Of course, the two are related. Without that first major finals appearance since 1998, the support might have continued to dwindle. Mercifully, for the Scottish Football Association accountants as well as the Scottish public, the opposite has been the case. It certainly seems a fitting time to take stock.
Next weekend’s opening Euro 2024 qualifier against Cyprus stirs memories of Clarke’s debut match in charge, which was another European Championships qualifier against the same opponents four years ago in June. What has been accomplished since then has probably exceeded expectations. An appearance at Euro 2020 as well as promotion to group A of the Nations League are admirable accomplishments, celebrated by the entire country.
There have also been individual successes, such as coaxing those such as Che Adams and, more recently, Angus Gunn to throw their lot in with Scotland. Lyndon Dykes has also been an excellent recruit. On top of this, Clarke made a more than decent international player out of Stephen O’Donnell, which some might contend qualifies the manager as an alchemist. But of all these triumphs and mini-triumphs, what has brought Clarke most pleasure has been seeing – and hearing – evidence of the scale of Scotland’s improvements in the stands. The reunion with Cyprus provides a handy comparison point.
Clarke remembers there being “about 25,000” at Hampden for his debut match in charge. In actual fact, the attendance was 31,277. Whatever the figure, we can probably all agree with his next assertion that it “wasn’t the most enthusiastic crowd we have ever played in front of”. Clarke recalls an almost begrudging attitude. Fans were understandably vexed by the inconvenience of having to turn up to see a team whose qualification aspirations had already curdled and died within the opening hour in Kazakhstan in the opening match of the campaign.
“The crowd were like ‘go on then, entertain us!’” recalled Clarke. “And we struggled. Cyprus were good, they kept a low block, we couldn’t break them down and it took a last minute goal.” The scorer of that last-gasp winner was Oli Burke, now back on loan at Millwall from Werder Bremen. He had replaced Eamonn Brophy, who it’s perhaps forgotten started Clarke’s reign as Scotland’s main striker, with James Forrest and Ryan Fraser in support. Of the XI who started that afternoon, only three are likely to be included against Cyprus this time around: skipper Andy Robertson, who scored the opening goal of Clarke’s tenure, John McGinn and Callum McGregor.
“The next few games showed me exactly where we were as a national team,” added Clarke. A run of four defeats, including embarrassingly one-sided reversals against Belgium and Russia, underlined Scotland were nowhere. Clarke persevered. Slowly, but surely, he oversaw improvement. And then came that night in Belgrade. Although the subsequent finals experience might have been something of a let-down – a compelling 0-0 draw at Wembley was bookended by deflating Hampden defeats against Czech Republic and Croatia – a World Cup campaign that gained momentum as it went on provided some compensation, even if qualification was ultimately squandered on an emotional night against Ukraine at Hampden.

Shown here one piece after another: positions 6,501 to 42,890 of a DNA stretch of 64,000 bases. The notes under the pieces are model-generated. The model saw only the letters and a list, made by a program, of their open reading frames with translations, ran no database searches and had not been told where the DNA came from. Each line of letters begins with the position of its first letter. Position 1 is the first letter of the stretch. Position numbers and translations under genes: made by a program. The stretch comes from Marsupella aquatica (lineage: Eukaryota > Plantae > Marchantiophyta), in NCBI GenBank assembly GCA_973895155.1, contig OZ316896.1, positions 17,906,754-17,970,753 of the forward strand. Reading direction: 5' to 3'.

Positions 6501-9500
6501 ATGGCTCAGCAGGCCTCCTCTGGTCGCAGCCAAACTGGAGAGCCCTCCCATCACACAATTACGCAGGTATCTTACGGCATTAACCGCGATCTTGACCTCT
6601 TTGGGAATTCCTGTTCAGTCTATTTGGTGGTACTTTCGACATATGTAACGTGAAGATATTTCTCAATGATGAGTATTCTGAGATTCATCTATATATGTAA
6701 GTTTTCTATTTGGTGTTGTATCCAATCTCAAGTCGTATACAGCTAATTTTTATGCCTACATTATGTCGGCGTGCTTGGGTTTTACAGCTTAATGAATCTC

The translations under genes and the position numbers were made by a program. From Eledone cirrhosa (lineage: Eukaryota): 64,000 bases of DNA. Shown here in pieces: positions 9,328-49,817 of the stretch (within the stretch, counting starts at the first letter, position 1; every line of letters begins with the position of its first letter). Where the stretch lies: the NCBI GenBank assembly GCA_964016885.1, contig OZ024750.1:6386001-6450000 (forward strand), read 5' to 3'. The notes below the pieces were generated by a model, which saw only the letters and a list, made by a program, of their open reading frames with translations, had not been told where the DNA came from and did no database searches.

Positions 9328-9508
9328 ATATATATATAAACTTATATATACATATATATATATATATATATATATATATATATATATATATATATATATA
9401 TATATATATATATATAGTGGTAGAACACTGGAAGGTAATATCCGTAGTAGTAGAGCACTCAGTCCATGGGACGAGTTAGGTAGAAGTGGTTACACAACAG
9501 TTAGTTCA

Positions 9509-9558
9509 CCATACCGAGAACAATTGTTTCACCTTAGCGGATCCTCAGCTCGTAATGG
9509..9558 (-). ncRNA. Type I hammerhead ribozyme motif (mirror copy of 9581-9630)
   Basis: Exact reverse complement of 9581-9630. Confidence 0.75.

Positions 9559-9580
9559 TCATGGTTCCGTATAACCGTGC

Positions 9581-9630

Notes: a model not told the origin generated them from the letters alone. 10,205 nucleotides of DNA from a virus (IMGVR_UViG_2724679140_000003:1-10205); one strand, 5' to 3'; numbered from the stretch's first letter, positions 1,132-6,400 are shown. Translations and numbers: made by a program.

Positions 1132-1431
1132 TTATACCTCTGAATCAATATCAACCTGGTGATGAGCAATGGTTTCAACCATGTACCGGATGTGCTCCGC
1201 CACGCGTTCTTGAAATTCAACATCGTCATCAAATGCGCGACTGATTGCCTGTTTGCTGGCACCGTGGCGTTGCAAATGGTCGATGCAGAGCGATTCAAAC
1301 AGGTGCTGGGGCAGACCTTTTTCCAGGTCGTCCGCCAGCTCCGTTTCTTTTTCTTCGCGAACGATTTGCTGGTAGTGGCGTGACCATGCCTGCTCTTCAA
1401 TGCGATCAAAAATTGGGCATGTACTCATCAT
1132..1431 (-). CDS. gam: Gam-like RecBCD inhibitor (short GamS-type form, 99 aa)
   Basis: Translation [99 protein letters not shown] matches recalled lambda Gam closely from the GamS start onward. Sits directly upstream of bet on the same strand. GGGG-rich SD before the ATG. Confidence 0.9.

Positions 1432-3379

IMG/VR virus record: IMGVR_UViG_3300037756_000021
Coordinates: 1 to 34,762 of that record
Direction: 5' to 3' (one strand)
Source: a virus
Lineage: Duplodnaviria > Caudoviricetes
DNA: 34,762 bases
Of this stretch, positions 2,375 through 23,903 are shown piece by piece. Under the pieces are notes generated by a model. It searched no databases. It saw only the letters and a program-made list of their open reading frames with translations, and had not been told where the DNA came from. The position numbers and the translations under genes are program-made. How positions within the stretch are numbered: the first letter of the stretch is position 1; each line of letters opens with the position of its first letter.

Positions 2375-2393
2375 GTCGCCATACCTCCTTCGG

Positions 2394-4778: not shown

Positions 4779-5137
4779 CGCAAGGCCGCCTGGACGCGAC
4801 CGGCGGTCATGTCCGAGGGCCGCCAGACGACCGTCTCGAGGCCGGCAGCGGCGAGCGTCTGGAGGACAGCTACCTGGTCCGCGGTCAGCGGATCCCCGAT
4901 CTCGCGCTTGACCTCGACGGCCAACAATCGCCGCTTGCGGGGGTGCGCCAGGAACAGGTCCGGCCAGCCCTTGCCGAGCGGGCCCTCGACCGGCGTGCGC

But crucially, the Tartan Army were back on board. Nearly every ticket has already been sold for the forthcoming campaign. While the clash with Spain a week on Tuesday was always likely to be a sell-out, it says much that Hampden will be close to capacity this weekend against Cyprus. “The good thing is this time there will be 50,000 people in the stadium,” noted Clarke last week. “I think that’s a measure of how much the squad and the team have improved, and how much the Scottish public now believe in this team."
Clarke once described three full stands of Kilmarnock fans for a game against Rangers as being the equivalent of winning a major honour. It's not a surprise, therefore, to hear him maintain that the current upsurge in interest around the national team is the source of as much personal joy as qualifying for the delayed Euro 2020. Bringing back such passion was part of Clarke’s manifesto when he took over. “I think it proves you are doing the right thing and things are moving in the right way," he said. “Hopefully we can continue that in the next campaign and get what we want, which is qualification for another major tournament.”
As second seeds, Scotland are projected to secure a place in Germany in two summers' time. What is meant to happen and what actually happens are two very different things, however. Scotland proved that in their last regulation qualifying campaign, when they finished higher in the placings than second seeds Austria (who ended up fourth). Third seeds Norway are the obvious contenders to upset the applecart this time around given they are blessed with a striker who scored five goals in the space of an hour of Champions League quarter-final action a matter of days ago. But Clarke does not need to worry about Erling Haaland until June. He needs to focus on the likes of Spanish striker Alvaro Morata and Gavi, the wonder boy Barcelona midfielder, as well as a Cyprus side whose last outing was a 3-2 win in Israel in November.
Apart from Gunn, who Clarke has persuaded to switch nationality from England, the latest Scotland squad has a very family look about it. “These players will immediately know what we expect,” said Clarke. “How we are going to work the week, do the training and prepare. Rather than trying to bed in three or four different names it’s pretty straightforward. Or it should be. They know each other well and what is expected of each other and what to expect from me, what I am going to ask for. Hopefully they can deliver.”